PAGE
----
Previous Clown Shoes Reviews:
Clown Shoes The Peace That Money Can’t Buy, Clown Shoes Undead Party Crasher, Clown Shoes Swagger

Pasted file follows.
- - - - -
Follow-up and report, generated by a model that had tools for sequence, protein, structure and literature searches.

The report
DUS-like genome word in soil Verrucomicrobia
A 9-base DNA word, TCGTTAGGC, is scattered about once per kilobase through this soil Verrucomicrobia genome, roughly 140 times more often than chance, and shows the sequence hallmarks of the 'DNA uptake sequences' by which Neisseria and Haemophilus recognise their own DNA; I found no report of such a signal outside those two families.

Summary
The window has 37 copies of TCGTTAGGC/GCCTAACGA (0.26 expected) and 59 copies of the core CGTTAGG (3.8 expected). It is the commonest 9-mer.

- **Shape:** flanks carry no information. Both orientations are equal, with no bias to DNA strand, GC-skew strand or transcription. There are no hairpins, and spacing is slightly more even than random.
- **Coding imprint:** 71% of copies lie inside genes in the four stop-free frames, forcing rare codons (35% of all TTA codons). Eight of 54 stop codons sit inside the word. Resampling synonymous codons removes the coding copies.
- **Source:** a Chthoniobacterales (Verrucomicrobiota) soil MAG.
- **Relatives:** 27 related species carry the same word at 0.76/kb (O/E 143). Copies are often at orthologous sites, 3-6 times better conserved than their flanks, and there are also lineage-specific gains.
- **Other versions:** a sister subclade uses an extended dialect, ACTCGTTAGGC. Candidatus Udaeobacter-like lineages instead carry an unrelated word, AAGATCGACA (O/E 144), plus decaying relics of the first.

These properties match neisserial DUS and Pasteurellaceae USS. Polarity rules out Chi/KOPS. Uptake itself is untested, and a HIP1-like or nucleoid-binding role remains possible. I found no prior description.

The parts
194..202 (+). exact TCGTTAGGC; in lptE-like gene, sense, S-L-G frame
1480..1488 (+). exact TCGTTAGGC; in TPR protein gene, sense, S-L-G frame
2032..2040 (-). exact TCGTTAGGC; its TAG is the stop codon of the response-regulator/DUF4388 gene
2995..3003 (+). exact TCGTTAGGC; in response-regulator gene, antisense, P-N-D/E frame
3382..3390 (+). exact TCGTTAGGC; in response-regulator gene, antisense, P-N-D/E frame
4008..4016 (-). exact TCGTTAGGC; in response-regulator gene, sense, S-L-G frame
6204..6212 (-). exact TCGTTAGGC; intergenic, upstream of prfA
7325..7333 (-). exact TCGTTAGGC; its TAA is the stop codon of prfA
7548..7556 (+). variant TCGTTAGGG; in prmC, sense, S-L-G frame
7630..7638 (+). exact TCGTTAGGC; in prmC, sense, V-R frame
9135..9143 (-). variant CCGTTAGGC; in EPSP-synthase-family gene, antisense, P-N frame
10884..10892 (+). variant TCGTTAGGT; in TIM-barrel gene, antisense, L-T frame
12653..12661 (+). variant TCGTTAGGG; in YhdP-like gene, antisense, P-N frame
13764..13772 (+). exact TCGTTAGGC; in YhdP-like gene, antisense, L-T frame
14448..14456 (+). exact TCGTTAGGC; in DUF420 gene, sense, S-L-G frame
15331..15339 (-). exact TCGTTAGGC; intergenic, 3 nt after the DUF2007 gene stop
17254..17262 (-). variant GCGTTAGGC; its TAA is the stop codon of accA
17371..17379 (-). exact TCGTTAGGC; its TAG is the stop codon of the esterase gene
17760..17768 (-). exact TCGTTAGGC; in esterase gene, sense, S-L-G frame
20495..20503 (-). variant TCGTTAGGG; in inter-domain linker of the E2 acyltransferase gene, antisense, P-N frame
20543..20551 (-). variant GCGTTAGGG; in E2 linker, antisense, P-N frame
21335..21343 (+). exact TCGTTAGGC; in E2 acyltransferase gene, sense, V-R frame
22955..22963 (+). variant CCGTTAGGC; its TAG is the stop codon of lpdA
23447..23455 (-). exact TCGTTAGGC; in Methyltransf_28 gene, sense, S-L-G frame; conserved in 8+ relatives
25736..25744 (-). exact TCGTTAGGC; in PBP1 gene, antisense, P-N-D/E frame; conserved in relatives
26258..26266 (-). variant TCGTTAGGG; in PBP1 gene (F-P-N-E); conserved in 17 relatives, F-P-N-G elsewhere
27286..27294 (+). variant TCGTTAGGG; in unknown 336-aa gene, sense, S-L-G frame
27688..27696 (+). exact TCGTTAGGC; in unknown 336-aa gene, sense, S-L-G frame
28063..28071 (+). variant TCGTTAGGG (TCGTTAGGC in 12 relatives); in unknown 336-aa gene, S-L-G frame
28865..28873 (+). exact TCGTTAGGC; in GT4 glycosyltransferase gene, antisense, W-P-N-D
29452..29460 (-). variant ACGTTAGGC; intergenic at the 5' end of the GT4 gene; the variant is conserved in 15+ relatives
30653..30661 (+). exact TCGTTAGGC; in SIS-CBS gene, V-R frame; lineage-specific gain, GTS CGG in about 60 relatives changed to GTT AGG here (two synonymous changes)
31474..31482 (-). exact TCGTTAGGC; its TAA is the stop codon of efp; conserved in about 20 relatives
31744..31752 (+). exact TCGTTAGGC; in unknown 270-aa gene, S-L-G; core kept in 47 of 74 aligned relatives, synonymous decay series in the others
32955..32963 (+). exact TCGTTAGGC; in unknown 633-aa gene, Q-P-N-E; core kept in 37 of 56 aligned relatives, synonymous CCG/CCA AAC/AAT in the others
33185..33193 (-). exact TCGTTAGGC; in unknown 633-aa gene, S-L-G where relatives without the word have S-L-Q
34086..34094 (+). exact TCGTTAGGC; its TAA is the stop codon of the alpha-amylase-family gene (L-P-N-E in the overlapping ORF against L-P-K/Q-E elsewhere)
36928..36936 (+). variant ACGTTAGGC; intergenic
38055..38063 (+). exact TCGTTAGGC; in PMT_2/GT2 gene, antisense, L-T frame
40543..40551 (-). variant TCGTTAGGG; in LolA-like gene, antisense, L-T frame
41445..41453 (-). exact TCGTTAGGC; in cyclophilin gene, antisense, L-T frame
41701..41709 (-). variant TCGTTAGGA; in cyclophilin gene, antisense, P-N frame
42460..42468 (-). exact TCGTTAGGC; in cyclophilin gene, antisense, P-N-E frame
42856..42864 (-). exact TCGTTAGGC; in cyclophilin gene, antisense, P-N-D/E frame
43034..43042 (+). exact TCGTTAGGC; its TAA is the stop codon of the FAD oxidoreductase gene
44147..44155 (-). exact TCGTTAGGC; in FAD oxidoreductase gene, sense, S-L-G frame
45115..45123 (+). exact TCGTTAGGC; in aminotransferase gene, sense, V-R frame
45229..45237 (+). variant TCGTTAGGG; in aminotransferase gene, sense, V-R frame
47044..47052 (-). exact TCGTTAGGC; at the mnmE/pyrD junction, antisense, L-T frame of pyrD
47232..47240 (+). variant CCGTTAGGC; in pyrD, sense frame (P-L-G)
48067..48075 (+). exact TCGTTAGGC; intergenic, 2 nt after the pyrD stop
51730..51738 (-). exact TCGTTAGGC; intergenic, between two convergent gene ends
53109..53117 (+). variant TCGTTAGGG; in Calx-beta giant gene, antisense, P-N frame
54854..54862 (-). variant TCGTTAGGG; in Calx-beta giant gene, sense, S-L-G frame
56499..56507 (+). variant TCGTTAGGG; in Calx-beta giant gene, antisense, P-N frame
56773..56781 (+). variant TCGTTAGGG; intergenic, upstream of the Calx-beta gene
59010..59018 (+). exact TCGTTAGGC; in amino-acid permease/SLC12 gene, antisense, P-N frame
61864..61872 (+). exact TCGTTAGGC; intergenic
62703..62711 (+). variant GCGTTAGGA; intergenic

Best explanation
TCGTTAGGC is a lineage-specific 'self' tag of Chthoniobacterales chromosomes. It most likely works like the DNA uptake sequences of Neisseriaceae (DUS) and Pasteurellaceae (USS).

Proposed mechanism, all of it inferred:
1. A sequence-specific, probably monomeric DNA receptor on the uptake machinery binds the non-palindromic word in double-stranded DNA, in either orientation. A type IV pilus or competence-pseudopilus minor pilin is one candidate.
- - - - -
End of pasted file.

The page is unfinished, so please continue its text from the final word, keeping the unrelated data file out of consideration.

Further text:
The website RateBeer.com put out their annual list of the best breweries in the world at the end of January (see the full list HERE). This list is compiled based on the scores given to individual beers by their website users and weighted by a whole bunch of factors that I don’t care to learn. I take all of these types of ratings with a gigantic grain of salt, I’ve written at length about how many of the users on these websites overrate hard to find beers and particular beer styles. Regardless, I couldn’t help scrolling through the list and checking out which local breweries were honored. Most of the breweries from New England were predictable, The Alchemist, Hill Farmstead, Lawson’s Finest Liquids, Allagash, Maine Beer Company, Smuttynose, Treehouse, Trillium and Jack’s Abby are all on many of these “best” or “favorites” lists locally and nationally. The one name that caught me a bit by surprise was Clown Shoes brewing company in Ipswich. Don’t get me wrong, I’ve enjoyed a number of Clown Shoes beers, in particular they make some boozy and flavorful imperial stouts. I think part of my issue with Clown Shoes are some of their beer names, particularly early releases like Muffin Top, Tramp Stamp and Lubrication. I find that some breweries who resort to suggestive or borderline offensive names as a way to sell beer do it because the product alone is subpar (I know that isn’t always true). It is possible that I’ve underrated Clown Shoes a bit and need to try some more of their beers, so I’ll try to knock out a few reviews over the coming months. Clown Shoes 5th anniversary beer is a Belgian style quadruple aged in bourbon barrels named The Peace That Money Can’t Buy. A long name like this seems appropriate for a big beer. The Peace That Money Can’t Buy is available for a limited time in 22 oz. bombers.